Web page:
If you’re not in the slightest bit excited by the Karoq, none of its immediate rivals are going to get your juices flowing either. The SEAT Ateca is its closest competition; not only is it based on the exact same platform as the Karoq, it’s also available with all the same engines. However, in what seems like a mistake on behalf of the Volkswagen Group, the cooler Latin SEAT with its sportier, sexier image is cheaper than the budget Czech Skoda as it’s available from £18,670. If you demonstrate absolutely no self-restraint with the options list, however, you can bump up the maximum price of an Ateca to almost £45,000.
The Volkswagen Tiguan, like the Ateca, shares the same basic platform as the Karoq, but the VW’s wheelbase is 39mm longer than its two not-so-distant siblings. Because of its extra space and more premium badge, the Tiguan is a little more expensive, too, starting at £23,250.
Away from the VW Group inter-family fued, the Karoq’s other rivals are the Kuga from Ford, the Qashqai from Nissan and the Kadjar from Renault. If you find all of those too dull, you could opt for the challenging-looking Toyota C-HR.
But in actual fact, the real thorns in the Karoq’s side – as well as in the flanks of all of its other SUV rivals – are conventional hatchbacks or small estates. Not only is a regular Ford Focus, Volkswagen Golf, Skoda Octavia or SEAT Leon just as practical (or more if you opt for the estate versions) they’re better to drive thanks to their much lower centre of gravity. They’re also much cheaper, so you could either save yourself some money or spend the extra cash on the far, far superior performance versions, the ST, GTI, vRS or Cupra, respectively.Performance and 0-60 time
The Karoq doesn’t exist to smash acceleration records, set your hair on fire or sit in the outside lane of an Autobahn flashing its lights to encourage RS6s to get out of its way. As a result the long, 10.9sec 0-62mph time of the 1.6 diesel version, the slowest accelerating Karoq of the range, is no surprise, but nor is it a disappointment.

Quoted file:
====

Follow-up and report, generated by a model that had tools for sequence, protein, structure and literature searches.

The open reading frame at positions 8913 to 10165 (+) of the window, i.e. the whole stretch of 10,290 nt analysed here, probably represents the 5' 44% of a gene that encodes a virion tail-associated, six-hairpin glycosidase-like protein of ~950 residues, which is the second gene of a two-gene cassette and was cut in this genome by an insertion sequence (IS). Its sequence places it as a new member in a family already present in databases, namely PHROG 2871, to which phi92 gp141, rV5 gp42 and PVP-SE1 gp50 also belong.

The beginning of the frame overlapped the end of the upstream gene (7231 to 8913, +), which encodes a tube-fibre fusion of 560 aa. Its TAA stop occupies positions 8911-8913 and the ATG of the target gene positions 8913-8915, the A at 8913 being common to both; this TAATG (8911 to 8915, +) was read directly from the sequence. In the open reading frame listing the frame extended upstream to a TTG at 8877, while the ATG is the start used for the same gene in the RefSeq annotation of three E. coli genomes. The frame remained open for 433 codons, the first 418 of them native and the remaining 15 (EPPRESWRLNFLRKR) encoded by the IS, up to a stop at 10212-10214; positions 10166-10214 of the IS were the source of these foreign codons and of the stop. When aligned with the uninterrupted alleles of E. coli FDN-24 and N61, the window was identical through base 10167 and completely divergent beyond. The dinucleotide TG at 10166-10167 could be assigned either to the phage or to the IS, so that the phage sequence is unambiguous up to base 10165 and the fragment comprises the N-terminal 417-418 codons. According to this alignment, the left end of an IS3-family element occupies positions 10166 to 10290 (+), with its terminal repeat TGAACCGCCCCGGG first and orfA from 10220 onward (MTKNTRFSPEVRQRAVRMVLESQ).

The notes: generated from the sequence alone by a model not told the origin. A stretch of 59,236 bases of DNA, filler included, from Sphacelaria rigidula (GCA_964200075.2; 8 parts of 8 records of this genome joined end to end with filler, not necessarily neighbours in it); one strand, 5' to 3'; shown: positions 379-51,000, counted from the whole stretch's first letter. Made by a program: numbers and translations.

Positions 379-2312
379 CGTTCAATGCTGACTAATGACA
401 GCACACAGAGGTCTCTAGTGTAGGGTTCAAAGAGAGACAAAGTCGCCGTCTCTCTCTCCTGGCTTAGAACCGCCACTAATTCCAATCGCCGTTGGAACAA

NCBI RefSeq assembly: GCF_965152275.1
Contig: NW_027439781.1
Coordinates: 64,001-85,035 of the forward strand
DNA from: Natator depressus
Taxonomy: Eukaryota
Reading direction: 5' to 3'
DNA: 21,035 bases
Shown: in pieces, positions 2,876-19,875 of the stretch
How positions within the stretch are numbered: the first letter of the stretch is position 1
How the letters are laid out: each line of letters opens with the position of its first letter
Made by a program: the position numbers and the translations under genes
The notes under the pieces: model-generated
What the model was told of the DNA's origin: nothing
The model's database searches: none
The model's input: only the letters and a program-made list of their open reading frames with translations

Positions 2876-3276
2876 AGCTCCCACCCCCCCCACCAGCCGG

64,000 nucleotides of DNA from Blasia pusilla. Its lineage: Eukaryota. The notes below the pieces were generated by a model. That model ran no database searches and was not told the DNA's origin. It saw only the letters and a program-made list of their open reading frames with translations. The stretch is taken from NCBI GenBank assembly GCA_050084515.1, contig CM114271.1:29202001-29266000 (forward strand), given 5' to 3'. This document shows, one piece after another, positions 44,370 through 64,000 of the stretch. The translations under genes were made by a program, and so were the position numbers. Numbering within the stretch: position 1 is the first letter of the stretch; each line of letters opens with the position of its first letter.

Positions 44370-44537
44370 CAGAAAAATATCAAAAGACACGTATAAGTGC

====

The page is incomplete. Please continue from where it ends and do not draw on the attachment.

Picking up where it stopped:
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The 1.5-litre turbocharged model, with 148bhp and just front-wheel drive, chases to 62mph in a more than adequate 8.4sec. It also has the highest top speed of the range with a vmax of, prepare yourself, 127mph. The 3-cylinder 1-litre 113bhp version has the slowest top speed of 116mph, just 1mph below the 1.6-litre diesel.Engine and gearbox
The choice of engines in the Karoq isn’t vast, there are two diesel and two petrol motors to choose from. However, despite a quartet to select from there are only two power outputs, the smallest capacity petrol and diesel engines put out the same bhp while the larger units match on output too.
Lets start with the smallest engine and work our way up. The 3-cylinder 1-litre petrol engine produces 113bhp from 5000rpm and an impressive, given its small capacity, 147lb ft of torque at 2000rpm. It’s matched on power by the bigger 1.6-litre 4-cylinder diesel motor, but as you might expect the oil-burner has even more torque with 184lb ft.
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The other two engines, the 1.5-litre petrol and 2-litre diesel, both have four-cylinders and both put out 148bhp. The diesel is more torquey with 251lb ft compared to the petrol’s 184lb ft.
All engines are available with either a six-speed manual gearbox or a seven-speed DSG transmission. All come with just front-wheel drive as standard, however, the 2-litre diesel is the only version that can be had with four-wheel drive – it’s a Haldex system that predominantly drives the front wheels but is able to engage the rear axle whenever necessary.Ride and handling
Right from the very start, and after just a few metres down the road, the Karoq appears to be a very satisfying car to meander about in; all of its controls are so tight, so precise and are so completely slack free. All of the pedals are solid and the movement so smooth that just releasing the clutch feels like a rewarding action and the steering – although very light – is amazingly direct. The steering can be made heavier by engaging the Sport driving mode – that’s pretty much all the button does though, the engine’s character remains the same, there’s no extra noise and, as the dampers are passive, the chassis doesn’t change. The extra weight doesn’t feel appropriate; the more delicate setting suits the other controls in the car.
The absolute highlight, however, is the gear change. The gate is close and you don’t need to move your hand sideways by much before you can slot it forward into first. The forward throw into a gear is a little longer compared to the lateral movement, but the path the lever takes is shorter than you’d ever expect in an SUV, shorter than most performance cars. The quick shift is made even more gratifying by a smooth and beautifully defined action – you won’t miss or engage the wrong gear here, no matter how much you rush your changes.
A similar sense of accuracy can be felt in the chassis. It reacts promptly to your inputs, turning eagerly when you point the nose at a corner and there’s surprisingly little roll. The ride is pleasing supple and controlled, too.